Effective Patio Drainage for Paver Patios

A custom brick paver patio being laid.

Even though it may not be the first thing on your mind when you go to plan your new paver patio, drainage will greatly impact your ability to enjoy your new living area. Drainage is the natural or artificial movement of surface and sub-surface water.

Without the proper setup, water can roll back on your foundation, causing damaging erosion. Standing water can breed insects and ruin your landscaping, and it can cause your paver patio to subside and throw the entire area out of level. There are a number of ways you can effectively drain the water from your patio.


A sand base for a paver patio

The base of your patio provides drainage. Unless you have mortared each paver, there is a certain amount of sand in between each piece. Water will percolate through this sand until it reaches the base. Depending on whether you properly laid a base of gravel or sand, the water may pool under your pavers, or it may wash out the sand if not properly compacted. This will cause your pavers to sink. Therefore, your first line of defense is to properly lay the base when installing the patio.


One of the simplest ways to drain water away is to slope the base of your patio. The natural pull of gravity will drain water down the slight slope you have created. To effectively move the water, you will need to grade the base 1/4-inch for each linear foot of your patio surface.


A stack of PVC pipes

Some soils hold water, but other soils drain quickly. If water will stand, consider installing a patio drain that ties into a drain pipe. Run the pipe under the pavers and out to an area that will handle the outflow. Do not drain your water directly into a storm drain or ditch as this water can be full of contaminants that will end up directly in your local streams and lakes.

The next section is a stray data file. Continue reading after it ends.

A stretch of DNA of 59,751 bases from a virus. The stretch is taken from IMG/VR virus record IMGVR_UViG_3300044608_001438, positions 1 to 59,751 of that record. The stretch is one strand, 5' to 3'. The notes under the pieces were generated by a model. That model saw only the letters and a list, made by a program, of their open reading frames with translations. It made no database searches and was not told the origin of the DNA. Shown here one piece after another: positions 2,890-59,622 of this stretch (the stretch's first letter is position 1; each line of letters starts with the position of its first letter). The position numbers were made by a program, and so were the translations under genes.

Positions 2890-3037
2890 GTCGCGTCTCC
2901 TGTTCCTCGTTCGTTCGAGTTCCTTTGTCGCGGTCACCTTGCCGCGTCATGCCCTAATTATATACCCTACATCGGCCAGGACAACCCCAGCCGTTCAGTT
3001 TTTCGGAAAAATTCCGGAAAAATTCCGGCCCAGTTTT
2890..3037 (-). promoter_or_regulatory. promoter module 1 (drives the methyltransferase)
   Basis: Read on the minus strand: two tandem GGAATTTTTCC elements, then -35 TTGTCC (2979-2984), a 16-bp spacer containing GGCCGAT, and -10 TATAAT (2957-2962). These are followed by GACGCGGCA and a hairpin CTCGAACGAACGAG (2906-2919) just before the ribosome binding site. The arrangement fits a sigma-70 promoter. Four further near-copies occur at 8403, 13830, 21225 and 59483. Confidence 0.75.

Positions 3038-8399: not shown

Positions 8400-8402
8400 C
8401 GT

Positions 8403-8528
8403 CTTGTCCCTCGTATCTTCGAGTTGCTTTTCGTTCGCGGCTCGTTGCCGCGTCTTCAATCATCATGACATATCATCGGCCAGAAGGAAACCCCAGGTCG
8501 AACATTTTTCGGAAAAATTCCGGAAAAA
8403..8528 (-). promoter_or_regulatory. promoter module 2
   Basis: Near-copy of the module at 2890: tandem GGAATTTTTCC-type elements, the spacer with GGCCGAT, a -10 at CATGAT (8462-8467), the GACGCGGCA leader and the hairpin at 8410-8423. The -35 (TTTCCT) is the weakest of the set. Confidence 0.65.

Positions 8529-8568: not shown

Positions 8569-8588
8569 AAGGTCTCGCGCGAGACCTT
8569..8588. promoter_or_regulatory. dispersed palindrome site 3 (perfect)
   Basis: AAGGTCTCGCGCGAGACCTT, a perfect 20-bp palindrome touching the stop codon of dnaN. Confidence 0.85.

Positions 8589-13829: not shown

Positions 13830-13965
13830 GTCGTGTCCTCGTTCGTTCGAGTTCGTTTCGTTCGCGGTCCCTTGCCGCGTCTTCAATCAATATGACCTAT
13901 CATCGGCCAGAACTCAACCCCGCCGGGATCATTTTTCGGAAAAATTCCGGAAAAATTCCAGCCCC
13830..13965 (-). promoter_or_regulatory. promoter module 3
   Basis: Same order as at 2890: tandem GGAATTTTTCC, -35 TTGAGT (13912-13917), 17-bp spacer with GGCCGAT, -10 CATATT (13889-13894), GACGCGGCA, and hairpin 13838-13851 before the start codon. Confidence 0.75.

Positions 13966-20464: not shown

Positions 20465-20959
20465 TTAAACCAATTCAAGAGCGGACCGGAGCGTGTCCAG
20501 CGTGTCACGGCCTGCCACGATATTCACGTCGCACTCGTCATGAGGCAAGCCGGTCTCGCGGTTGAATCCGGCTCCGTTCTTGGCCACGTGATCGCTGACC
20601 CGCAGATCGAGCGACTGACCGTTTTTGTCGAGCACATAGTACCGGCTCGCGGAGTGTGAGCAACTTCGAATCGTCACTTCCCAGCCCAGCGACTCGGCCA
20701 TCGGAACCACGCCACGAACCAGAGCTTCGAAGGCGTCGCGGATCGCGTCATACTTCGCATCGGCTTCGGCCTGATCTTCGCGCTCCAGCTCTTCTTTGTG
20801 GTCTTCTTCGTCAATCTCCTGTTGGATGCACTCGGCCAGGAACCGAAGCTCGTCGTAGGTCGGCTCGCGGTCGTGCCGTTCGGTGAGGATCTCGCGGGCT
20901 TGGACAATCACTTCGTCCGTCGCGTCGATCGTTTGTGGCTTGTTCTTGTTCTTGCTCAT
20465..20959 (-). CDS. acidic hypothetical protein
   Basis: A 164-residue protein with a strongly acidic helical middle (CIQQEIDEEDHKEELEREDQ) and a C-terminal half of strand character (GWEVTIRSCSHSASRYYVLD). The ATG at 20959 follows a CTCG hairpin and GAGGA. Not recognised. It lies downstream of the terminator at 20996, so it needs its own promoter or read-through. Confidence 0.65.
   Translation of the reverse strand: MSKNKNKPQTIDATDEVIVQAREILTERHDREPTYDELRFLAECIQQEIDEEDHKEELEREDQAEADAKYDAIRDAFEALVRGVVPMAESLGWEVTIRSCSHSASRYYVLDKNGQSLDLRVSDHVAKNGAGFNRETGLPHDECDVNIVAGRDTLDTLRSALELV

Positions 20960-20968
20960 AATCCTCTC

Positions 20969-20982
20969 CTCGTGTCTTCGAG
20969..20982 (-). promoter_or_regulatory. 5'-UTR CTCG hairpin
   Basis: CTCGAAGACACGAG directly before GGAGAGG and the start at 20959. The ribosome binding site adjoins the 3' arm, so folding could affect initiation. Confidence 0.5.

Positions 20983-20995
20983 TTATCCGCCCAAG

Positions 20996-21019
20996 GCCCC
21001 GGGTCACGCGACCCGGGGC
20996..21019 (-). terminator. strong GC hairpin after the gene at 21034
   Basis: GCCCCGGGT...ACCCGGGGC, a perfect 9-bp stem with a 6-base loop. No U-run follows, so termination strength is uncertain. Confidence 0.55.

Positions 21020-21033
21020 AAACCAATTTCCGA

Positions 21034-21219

Even if you move it off the patio and away from the house, you may still have to move the water elsewhere. You can install a French drain at the edge of the patio (downslope) to do this. Make your own from a PVC pipe with holes in the bottom, buried under the gravel that allows water to sink to the pipe once it hits. The French drain then carries the water to where you want it.


You can also construct a dry well to handle excess water. This is a hole or barrel filled with gravel and sand that transfers water into the subsoil by holding it until it can percolate naturally. A dry well is a good choice to receive the water from a French drain or could be put in under your patio as part of the base. This is only recommended if you know it can handle the water flow. If, however, you can not-- move the water away to another area of your yard.

If you have already installed your patio, and it turns into a pond with each rainfall, you should probably just bite the bullet and start all over. Take notes about the water flow in the area, noting problem zones, you must take the density of the topsoil, and subsoil into consideration as well if you have to solve a potentially serious flooding issue.


Hunker down on both heels and look at the lay of the land closely with an eye towards the sloping contours of the land, and consider how water will move down along them or pool there and back up. Regardless of the size of the area involved, you can see and read how the land around the project drains naturally, and how it drains by design to gutters, or storm drains.

Determine how to get it to flow away on its own as easily as possible and if you aren't sure how to do it you can call an expert to look at it and advise you on how best to proceed. You can re-plan your patio utilizing multiple tools to move water safely and effectively by doing your homework at DIY before you set out to do it yourself.